Once she is drawn into memory therapy, a client will find her suspicions of abuse verified by one or more techniques of investigation that are, in Fredrickson’s words, “as unlimited as human creativity” (Fredrickson, p. 141). With or without the therapist’s direct assurance that the patient’s symptoms are “consistent with abuse,” repression can supposedly be dislodged through “feelings work,” “body work,” “dream work,” “imagistic work,” “trance work,” and “group work”; through the production of journals and pictures that are sure to yield symbols of violation; through the cultivation of flashbacks, which are always deemed to reveal the truth of a past situation rather than compliance with current expectations; through administration of the tongue-loosening “truth serum” sodium amytal; and, of course, through hypnosis, including its deep-end forms of “age regression” and even “past life regression.” The considerable body of technical literature showing that none of these methods reliably leads to uncontaminated memories is simply ignored.

The recovery movement’s feminist affinity should not lead anyone to suppose that its incitement to militant victimhood serves the best interests of women. It is precisely women who make up most of the movement’s casualties. Once a patient is invited to believe that her inner child was suffocated at an early age, she may well put the major blame on her mother; that is just what we see in a significant minority of cases. Estrangement between sisters—one converted to hellishly revised memories of their years together, the other refusing to go along—is also a regular aftermath of therapy. But above all, the chief sufferer usually turns out to be the female patient herself.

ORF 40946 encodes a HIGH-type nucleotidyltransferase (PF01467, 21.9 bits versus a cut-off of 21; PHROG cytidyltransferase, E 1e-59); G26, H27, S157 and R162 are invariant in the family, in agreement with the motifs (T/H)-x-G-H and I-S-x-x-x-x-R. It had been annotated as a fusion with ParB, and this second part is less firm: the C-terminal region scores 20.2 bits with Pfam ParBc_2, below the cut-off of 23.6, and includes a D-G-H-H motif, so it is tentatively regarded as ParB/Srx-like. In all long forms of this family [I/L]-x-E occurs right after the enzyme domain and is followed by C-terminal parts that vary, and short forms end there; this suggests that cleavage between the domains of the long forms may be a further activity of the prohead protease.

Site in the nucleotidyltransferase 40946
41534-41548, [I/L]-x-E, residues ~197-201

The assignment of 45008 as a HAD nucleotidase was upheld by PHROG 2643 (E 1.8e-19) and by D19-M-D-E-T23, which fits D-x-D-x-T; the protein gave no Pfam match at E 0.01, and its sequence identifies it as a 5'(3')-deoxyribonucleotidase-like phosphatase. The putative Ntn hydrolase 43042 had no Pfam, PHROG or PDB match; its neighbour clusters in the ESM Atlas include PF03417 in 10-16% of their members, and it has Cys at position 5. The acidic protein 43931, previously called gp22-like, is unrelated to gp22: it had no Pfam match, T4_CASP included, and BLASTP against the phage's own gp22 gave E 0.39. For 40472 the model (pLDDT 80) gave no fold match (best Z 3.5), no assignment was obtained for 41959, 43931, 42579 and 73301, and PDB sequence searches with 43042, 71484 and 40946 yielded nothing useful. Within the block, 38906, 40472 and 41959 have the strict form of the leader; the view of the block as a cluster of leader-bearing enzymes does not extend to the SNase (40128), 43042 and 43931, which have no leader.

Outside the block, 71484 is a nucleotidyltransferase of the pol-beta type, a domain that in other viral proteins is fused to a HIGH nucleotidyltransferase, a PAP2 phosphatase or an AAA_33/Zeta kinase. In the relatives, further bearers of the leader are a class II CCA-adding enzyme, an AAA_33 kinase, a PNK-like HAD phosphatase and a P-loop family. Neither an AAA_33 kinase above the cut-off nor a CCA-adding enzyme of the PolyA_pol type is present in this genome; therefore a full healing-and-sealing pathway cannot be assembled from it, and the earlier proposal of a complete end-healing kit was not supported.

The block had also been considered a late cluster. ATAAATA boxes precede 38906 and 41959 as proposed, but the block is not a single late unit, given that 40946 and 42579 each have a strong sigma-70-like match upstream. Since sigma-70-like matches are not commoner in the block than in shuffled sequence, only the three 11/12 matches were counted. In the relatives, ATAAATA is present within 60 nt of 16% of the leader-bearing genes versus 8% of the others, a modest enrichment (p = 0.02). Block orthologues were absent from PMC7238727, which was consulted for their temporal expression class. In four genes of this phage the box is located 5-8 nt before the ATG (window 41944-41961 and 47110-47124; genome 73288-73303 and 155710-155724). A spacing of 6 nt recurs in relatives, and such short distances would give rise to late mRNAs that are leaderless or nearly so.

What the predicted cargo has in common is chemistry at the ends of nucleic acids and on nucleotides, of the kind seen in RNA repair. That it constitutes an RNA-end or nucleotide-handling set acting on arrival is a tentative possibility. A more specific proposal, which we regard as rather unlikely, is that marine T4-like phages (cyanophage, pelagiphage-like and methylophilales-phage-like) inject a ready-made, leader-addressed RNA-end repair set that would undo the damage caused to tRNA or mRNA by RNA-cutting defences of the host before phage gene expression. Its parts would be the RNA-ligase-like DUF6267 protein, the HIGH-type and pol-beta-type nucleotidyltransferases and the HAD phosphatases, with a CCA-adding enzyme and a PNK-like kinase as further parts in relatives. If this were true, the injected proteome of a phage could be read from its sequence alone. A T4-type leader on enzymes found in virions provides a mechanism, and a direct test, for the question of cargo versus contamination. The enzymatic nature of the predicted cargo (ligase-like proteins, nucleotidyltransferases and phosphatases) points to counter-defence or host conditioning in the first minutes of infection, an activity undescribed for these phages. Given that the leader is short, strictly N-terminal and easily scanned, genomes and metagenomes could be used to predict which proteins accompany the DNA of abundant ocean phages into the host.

Recovery manuals preach the doctrine of “abreaction,” whereby a patient must painfully relive each repressed memory if she is to stand a chance of freeing herself from it. The experience is guaranteed to be rough. In Lenore Terr’s version of this truth, “Clinicians find that once repression lifts, individuals become far more symptomatic. They become anxious, depressed, sometimes suicidal, and far more fearful of items suggestive of their traumas.”5 Bass and Davis agree. “Don’t hurt or try to kill yourself…,” they feel compelled to advise. “Sit tight and ride out the storm.” For many women, however, the storm doesn’t end, or else it ends all too abruptly with suicide. And even in the best of cases, a “survivor” is coached to reject the happiest actual memories of her childhood as being inconsistent with the stark truth of molestation. The result is a lasting sacrifice of resilience, security of identity, humor, capacity to show affection, and connection to the people who have cared most steadily about this woman’s happiness.

  1. 1

    Other key movement documents include Renee Fredrickson, Repressed Memories: A Journey to Recovery from Sexual Abuse (Fireside/Parkside, 1992); E. Sue Blume, Secret Survivors: Uncovering Incest and Its Aftereffects in Women (Wiley, 1990); and Patricia Love, The Emotional Incest Syndrome: What To Do When a Parent’s Love Rules Your Life (Bantam, 1990).

  2. 2

    Bass and Davis, The Courage to Heal, second edition (HarperPerennial, 1992), p. 347.

  3. 3

    John Bradshaw, “Incest: When You Wonder If It Happened to You,” Lear’s, August 1992, pp. 43–44.

  4. 4

    Controlled research indicates that there is nothing easy about identifying incest victims from their symptoms. See, e.g., Thomas M. Horner et al., “The Biases of Child Sexual Abuse Experts: Believing is Seeing,” Bulletin of the American Academy of Psychiatry Law, Vol. 21 (1993), pp. 281–292. Horner found that forty-eight experts, all examining the same material, could reach no significant agreement as to whether a child had been molested by her father.

  5. 5

    Renee Fredrickson goes a step farther, remarking that patients may not notice any symptoms at all “until they are immersed in the process of dealing with their memories” (Repressed Memories, p. 36). Then the torment begins.